Of the Acid mantle Protects the skin from drying out and from micro- and noxious organisms through a hydrolipid film formed from sebum and sweat glands with a pH value of around 4.5. He is also under the term Fat film known, whereby the eponymous acid is assigned less protective function than under the concept of the protective acid mantle.
The protective acid mantle protects the skin from drying out by a hydrolipid film formed from sebum and sweat glands with a pH value of around 4.5.
In medicine, the definition of the term protective acid mantle is controversial because a large number of pathogenic bacteria also feel comfortable in an acidic environment and can multiply there. This concept is mainly spread by the manufacturers of supposedly “pH-friendly” personal care products for product differentiation.
The skin protection mechanism produces sweat and fat all day. Sweat contains organic acids and sebum fatty acids. These two “helpers” regulate the pH value in a range between 4 and 6. Since this protective function is distributed like a coat over the whole body and is located in an acidic pH environment, the definition is self-explanatory. The medical specialties are Dermatology and physiology.
The skin is the largest and therefore most important human sensory organ. It protects our body and serves as a contact surface with our environment. Healthy skin has an effective protective acid layer, which acts as a barrier to protect the human organism from the penetration of pathogens such as viruses, bacteria, fungi, allergens and chemical substances.The protective skin coat ensures a balanced moisture balance and protects against external environmental influences such as heat, cold and injuries.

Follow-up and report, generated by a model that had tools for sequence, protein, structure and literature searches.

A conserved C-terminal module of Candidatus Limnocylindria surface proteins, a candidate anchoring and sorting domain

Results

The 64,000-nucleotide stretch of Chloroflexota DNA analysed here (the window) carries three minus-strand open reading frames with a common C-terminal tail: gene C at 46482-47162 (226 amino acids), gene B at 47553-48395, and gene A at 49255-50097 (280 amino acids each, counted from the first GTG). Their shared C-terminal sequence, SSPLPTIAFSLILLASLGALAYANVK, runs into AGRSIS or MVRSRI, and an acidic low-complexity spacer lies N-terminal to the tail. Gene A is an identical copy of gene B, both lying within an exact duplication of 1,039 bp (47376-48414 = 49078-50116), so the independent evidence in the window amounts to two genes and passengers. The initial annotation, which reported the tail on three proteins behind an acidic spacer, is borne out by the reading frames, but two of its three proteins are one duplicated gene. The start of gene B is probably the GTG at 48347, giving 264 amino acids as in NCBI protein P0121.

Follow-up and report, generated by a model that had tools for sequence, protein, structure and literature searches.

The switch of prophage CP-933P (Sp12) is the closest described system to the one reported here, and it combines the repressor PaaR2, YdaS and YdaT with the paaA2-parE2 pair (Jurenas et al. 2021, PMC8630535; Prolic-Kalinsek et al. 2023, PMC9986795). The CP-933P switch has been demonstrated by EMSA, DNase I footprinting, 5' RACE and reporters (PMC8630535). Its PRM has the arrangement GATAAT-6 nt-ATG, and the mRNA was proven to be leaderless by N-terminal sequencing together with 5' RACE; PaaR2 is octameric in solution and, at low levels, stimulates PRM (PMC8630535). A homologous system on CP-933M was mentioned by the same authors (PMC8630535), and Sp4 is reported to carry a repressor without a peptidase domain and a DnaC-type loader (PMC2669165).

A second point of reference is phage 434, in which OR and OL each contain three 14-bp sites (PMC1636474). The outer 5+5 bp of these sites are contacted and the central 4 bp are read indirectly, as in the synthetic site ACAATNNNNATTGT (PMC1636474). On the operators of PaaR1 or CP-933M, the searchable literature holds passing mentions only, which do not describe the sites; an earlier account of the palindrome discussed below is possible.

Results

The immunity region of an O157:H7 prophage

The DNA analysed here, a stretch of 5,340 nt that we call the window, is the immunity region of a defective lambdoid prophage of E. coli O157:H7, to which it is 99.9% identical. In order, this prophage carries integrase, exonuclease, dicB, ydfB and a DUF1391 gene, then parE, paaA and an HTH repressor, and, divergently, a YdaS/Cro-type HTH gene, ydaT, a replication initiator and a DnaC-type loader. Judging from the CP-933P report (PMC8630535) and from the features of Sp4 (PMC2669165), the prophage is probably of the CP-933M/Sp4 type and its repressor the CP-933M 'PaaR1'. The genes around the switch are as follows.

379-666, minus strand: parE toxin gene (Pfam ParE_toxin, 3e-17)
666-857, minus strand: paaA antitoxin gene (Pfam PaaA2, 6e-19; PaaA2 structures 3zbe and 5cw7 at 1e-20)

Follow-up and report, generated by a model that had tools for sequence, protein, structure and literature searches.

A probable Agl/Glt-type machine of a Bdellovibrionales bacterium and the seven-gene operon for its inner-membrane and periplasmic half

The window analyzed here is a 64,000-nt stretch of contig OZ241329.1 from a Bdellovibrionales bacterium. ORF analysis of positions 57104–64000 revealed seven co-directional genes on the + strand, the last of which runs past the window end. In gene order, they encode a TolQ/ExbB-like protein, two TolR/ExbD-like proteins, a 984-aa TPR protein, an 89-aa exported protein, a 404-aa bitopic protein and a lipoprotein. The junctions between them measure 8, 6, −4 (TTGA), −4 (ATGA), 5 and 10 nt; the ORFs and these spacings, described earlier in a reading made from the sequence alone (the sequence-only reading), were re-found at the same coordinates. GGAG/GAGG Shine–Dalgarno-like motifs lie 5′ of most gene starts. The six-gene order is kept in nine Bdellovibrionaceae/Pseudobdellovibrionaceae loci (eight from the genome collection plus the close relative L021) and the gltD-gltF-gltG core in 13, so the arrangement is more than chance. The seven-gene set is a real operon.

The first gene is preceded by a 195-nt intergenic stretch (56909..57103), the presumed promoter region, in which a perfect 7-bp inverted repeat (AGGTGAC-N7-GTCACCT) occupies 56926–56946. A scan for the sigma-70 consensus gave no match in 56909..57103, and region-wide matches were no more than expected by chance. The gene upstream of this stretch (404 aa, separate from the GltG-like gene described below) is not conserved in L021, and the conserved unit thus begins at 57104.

The skin is a sensory organ that enables people to perceive sensory impressions such as warmth, cold, pressure and pain through touch. The skin barrier in the form of the protective acid mantle is one of the most important components of human skin and is closely related to the cornea. It is built up similar to a wall structure in which several layers of horn cells are held together by epidermal lipids (horn fat). The denser this bond, the more resistant the skin is.
The protective skin coat consists of a thin film of fat and water covering the horny layer. It is made up of parts of the horny cells as well as sweat and sebum. The environment of the protective acid mantle is slightly acidic due to perspiration. This requirement is ideal for the balanced bacterial balance of a healthy skin flora. Unwanted and harmful foreign germs in the form of bacteria, viruses, fungi and other microorganisms cannot multiply and penetrate the body with an intact protective acid mantle.
The protective acid mantle protects against alkaline substances and foreign germs. Without an acidic environment, the pH value would rise to 9 or 10 and develop into an ideal breeding ground for foreign germs, as they feel very comfortable in an alkaline environment.